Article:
Monday, April 25, 2005

Dangling Conversation

I filed for a metaphorical divorce.

Words fail me. They don't correspond or accurately describe feelings inside or thoughts bouncing around my noggin at night. A wannabe writer, I now have learned how to live legally separated from words. I envy my cats who can express plenty without saying a thing.

I remember a day in 11th grade band class where we had a substitute teacher for the day so instead of making music we had a study hall. I got into a conversation with fellow trumpeters Tim O'Keefe and Todd Libby. We talked about life, philosophy, religion, and trying to figure out what it all really meant. We truly were determined to sort it all out. Once the bell rang and we had to head our separate ways all three of us had to sit for a moment in silence, transfixed that we all had just participated in one of life's rarities- a serious and meaningful discourse full of ideas where each of us would throw out a concept, something that had bothered any and all of us for awhile, and the others would then share and add what they thought. The whole was greater than the parts.

I suppose that you can't have that deep a conversation every day. There just isn't the time or energy or the needed connection but it's a bit sad that it was the type of conversation that sticks out so clearly in my mind because there have been few others that were as meaningful to me.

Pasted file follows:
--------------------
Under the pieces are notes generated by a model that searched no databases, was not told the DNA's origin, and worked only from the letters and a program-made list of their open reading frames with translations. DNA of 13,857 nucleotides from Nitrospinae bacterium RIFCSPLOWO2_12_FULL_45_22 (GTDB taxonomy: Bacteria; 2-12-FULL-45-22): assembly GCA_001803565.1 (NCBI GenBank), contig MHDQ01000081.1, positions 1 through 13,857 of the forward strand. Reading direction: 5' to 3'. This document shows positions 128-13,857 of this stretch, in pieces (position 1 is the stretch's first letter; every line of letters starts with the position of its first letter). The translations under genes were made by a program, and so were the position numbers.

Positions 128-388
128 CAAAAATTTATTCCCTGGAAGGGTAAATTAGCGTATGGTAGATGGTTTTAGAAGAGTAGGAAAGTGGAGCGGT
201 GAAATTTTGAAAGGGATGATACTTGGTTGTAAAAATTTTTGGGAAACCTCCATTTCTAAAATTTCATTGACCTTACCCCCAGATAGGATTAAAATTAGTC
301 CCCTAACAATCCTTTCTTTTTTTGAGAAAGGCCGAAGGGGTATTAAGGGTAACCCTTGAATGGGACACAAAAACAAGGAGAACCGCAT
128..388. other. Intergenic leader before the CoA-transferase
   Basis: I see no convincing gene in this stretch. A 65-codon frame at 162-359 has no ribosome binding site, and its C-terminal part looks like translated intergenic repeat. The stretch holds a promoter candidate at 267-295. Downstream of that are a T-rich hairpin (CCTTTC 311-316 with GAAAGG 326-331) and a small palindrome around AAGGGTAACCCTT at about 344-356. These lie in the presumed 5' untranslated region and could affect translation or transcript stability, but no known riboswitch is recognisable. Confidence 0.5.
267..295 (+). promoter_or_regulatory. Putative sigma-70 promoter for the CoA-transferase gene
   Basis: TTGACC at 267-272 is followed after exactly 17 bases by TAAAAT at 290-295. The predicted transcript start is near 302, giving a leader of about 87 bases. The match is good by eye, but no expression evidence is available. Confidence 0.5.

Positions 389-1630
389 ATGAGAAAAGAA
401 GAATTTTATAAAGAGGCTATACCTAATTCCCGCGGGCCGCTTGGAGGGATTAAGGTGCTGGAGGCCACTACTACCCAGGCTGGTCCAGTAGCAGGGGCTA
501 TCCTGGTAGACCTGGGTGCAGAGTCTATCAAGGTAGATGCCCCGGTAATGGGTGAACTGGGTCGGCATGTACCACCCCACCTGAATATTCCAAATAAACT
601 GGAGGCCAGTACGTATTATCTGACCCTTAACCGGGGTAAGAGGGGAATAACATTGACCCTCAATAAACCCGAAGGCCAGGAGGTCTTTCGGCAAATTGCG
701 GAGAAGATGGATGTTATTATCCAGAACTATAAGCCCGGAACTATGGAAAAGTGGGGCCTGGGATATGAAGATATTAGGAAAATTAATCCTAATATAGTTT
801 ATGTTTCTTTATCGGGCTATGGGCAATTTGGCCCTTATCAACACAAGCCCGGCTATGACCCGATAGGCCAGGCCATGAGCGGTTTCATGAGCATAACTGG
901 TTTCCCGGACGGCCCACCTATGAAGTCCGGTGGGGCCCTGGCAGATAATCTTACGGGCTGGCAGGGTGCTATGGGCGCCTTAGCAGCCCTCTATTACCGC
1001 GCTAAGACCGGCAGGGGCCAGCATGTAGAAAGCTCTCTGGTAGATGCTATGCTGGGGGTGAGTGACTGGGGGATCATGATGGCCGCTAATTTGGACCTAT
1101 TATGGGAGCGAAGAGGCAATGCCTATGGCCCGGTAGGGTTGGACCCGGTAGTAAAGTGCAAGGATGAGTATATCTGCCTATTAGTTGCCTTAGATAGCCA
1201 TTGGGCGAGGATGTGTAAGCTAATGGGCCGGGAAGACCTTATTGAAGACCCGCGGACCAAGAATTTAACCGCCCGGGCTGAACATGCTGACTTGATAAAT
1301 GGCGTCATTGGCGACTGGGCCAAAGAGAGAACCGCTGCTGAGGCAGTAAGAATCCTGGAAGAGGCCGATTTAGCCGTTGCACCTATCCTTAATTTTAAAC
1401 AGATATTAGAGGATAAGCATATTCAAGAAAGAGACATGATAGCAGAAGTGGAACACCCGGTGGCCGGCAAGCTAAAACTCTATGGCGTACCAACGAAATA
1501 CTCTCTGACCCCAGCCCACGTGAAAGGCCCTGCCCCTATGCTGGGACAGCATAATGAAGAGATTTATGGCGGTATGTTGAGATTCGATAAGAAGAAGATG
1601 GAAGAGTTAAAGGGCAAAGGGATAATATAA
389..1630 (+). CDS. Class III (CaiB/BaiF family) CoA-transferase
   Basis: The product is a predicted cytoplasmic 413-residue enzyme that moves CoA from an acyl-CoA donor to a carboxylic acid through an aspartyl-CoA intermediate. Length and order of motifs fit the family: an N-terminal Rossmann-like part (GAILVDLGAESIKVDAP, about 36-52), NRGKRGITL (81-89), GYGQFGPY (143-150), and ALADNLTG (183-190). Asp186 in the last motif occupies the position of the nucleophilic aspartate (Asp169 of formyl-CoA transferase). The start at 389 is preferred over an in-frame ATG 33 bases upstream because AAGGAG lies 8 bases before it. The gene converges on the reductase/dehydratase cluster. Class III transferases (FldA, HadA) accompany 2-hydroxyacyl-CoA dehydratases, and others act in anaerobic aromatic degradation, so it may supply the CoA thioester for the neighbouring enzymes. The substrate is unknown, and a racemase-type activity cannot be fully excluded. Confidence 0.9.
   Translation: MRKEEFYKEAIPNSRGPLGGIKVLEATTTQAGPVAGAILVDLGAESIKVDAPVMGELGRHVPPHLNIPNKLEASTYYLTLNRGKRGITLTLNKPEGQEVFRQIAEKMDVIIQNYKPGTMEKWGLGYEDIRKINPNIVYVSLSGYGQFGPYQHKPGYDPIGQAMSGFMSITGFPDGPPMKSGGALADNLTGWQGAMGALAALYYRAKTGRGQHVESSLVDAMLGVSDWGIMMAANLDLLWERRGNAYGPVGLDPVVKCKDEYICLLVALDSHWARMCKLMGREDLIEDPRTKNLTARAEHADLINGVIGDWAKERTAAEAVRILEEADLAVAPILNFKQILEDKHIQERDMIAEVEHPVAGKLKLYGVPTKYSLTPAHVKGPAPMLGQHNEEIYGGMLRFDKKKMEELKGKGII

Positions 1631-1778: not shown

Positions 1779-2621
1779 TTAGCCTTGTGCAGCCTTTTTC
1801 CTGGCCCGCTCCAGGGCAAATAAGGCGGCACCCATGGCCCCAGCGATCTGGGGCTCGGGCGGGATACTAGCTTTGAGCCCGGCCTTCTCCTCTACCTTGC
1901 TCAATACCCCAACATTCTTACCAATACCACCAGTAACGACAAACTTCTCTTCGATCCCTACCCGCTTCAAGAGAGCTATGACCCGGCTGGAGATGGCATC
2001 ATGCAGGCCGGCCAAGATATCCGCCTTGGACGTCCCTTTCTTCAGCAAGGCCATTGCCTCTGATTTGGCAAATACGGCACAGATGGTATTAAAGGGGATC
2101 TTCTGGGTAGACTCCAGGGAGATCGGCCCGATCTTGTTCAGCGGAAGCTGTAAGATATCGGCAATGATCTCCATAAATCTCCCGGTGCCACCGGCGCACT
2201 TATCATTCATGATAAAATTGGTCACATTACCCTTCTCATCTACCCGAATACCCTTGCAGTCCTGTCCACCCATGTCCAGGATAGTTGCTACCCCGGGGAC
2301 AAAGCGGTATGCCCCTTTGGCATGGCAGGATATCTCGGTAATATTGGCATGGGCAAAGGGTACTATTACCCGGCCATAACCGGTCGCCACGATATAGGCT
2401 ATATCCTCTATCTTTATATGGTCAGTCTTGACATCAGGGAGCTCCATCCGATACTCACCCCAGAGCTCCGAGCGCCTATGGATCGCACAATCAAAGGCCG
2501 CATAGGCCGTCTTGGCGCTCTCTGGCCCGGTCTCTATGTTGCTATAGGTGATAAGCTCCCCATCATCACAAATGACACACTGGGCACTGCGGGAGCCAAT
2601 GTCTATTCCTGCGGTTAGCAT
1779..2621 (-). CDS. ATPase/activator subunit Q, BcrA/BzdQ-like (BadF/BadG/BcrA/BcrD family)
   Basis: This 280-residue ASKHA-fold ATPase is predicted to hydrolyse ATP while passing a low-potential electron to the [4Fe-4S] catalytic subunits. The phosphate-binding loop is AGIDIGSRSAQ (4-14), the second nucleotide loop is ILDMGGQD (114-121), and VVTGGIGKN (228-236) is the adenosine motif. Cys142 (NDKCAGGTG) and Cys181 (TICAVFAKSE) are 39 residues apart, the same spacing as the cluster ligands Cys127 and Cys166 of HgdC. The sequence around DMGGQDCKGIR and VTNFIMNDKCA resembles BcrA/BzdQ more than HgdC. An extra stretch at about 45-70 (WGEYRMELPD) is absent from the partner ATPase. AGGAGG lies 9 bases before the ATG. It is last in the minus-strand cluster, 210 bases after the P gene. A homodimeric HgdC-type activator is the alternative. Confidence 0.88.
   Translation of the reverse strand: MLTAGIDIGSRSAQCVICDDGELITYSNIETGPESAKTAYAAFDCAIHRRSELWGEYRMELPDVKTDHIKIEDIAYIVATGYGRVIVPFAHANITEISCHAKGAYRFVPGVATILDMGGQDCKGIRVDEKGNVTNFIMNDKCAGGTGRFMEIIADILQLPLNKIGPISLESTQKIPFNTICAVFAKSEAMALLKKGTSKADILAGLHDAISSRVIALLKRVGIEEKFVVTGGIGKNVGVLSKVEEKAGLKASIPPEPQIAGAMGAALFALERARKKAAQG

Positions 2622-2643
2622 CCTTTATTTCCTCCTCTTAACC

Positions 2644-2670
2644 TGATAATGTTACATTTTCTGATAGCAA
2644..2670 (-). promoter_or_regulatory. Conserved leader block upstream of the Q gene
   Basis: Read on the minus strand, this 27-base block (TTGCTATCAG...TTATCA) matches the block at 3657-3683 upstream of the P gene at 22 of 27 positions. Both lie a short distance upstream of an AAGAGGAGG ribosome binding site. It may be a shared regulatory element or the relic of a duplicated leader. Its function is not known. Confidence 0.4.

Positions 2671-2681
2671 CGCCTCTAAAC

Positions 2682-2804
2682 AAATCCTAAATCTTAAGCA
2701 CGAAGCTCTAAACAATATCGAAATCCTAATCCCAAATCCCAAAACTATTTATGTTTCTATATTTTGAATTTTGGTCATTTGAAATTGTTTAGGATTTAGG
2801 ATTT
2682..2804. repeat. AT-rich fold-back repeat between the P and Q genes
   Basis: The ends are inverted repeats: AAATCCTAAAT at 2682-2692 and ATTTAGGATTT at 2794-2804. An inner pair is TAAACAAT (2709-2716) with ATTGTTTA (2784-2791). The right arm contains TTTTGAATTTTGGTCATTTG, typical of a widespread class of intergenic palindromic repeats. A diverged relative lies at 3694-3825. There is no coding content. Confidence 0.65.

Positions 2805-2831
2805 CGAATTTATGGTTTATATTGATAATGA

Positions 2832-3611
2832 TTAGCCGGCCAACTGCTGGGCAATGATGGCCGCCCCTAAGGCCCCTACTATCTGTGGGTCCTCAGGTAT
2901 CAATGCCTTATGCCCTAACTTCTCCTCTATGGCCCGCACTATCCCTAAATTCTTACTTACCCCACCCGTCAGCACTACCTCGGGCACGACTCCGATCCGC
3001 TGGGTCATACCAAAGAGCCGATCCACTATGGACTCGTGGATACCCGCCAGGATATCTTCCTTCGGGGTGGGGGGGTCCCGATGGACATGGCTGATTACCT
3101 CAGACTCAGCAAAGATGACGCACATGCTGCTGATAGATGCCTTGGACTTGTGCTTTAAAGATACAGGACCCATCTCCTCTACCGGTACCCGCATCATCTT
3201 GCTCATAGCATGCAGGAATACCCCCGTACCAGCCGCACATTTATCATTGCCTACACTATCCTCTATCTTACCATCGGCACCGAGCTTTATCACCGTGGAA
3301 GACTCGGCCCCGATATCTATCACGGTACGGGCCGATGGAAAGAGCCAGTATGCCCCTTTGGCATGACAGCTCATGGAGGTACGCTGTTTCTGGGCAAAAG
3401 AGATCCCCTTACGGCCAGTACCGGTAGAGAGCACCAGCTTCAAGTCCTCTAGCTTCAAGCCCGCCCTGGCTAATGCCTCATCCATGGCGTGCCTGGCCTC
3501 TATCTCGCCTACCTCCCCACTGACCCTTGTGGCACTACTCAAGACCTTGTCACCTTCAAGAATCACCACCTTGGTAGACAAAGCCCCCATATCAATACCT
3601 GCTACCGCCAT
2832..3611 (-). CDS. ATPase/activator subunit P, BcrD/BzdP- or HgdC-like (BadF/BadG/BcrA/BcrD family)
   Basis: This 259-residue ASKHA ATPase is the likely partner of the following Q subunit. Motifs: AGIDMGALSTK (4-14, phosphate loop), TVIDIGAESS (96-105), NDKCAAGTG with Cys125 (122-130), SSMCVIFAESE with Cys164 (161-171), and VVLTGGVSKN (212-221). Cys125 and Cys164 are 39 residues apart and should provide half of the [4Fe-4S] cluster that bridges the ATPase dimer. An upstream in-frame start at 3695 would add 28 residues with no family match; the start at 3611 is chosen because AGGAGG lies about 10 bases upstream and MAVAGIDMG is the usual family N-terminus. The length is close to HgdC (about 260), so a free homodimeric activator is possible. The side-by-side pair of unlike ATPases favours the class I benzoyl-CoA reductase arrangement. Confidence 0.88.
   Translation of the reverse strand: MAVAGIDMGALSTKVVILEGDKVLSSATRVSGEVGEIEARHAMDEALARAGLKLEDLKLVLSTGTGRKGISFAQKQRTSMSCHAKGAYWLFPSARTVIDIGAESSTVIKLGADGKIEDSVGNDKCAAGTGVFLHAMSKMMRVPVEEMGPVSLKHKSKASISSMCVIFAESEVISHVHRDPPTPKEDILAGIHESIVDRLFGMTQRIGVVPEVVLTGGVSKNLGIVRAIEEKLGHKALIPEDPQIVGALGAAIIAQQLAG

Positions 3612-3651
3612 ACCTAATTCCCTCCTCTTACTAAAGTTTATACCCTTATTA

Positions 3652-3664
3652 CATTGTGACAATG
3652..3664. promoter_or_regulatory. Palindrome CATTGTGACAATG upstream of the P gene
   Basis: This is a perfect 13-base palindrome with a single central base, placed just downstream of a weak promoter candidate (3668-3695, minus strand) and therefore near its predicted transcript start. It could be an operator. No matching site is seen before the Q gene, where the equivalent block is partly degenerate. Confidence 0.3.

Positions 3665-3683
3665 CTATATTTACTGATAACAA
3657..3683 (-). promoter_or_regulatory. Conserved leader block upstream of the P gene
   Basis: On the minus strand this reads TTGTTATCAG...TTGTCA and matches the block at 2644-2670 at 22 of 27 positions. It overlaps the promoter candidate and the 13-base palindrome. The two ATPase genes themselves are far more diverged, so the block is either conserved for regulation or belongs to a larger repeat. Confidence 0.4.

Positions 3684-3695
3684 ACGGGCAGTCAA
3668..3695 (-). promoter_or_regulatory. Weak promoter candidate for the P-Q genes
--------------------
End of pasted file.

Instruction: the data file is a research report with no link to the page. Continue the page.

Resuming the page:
A stellar conversation is at least 50 percent about listening. And what really strikes me when I think back to that day is how I have come to learn over the years that finding a good listener is rare. I keep thinking of the Bill Monroe quote where he said he did his best thinking while someone else was talking. Many people just don't seem to understand that in order to listen you have to know when to shut your own yap for a moment or two.

It was that same year when my best friend Steve Olson and I made our way to the Uptown theater and saw My Dinner with Andre, a movie that Siskel and Ebert had been raving about for months. The plot of the movie was about as simple as humanly possible- it was a movie about two guys who get together for dinner and have a conversation. There were bits in the movie that reminded me of my conversation with Tim and Todd. At the beginning of the movie Andre dominates the discussion with his dinner companion Wally telling about his recent travels and wacky life changing experiences (like getting buried alive as part of some tribal ritual).

The movie comes alive however when Wally begins to challenge some of what he perceives as the overall point to what Andre's experiences are getting at.

Steve and I loved the movie. It had more than lived up to its billing. I wanted to go back, sensing that I hadn't paid careful enough attention to earlier parts of the conversation that occurred while I was trying to get used to a movie that was all talk. This was pre-VCR (let alone DVD) days so I never imagined that one day I could actually own a copy of the movie when I could replay the conversation any time I wanted to. Somewhat ironically my favorite part of the movie is when the two men discuss whether modern conveniences like electric blankets are good or bad. Is technology deadening our senses and thus numbing us to what it means to really be alive?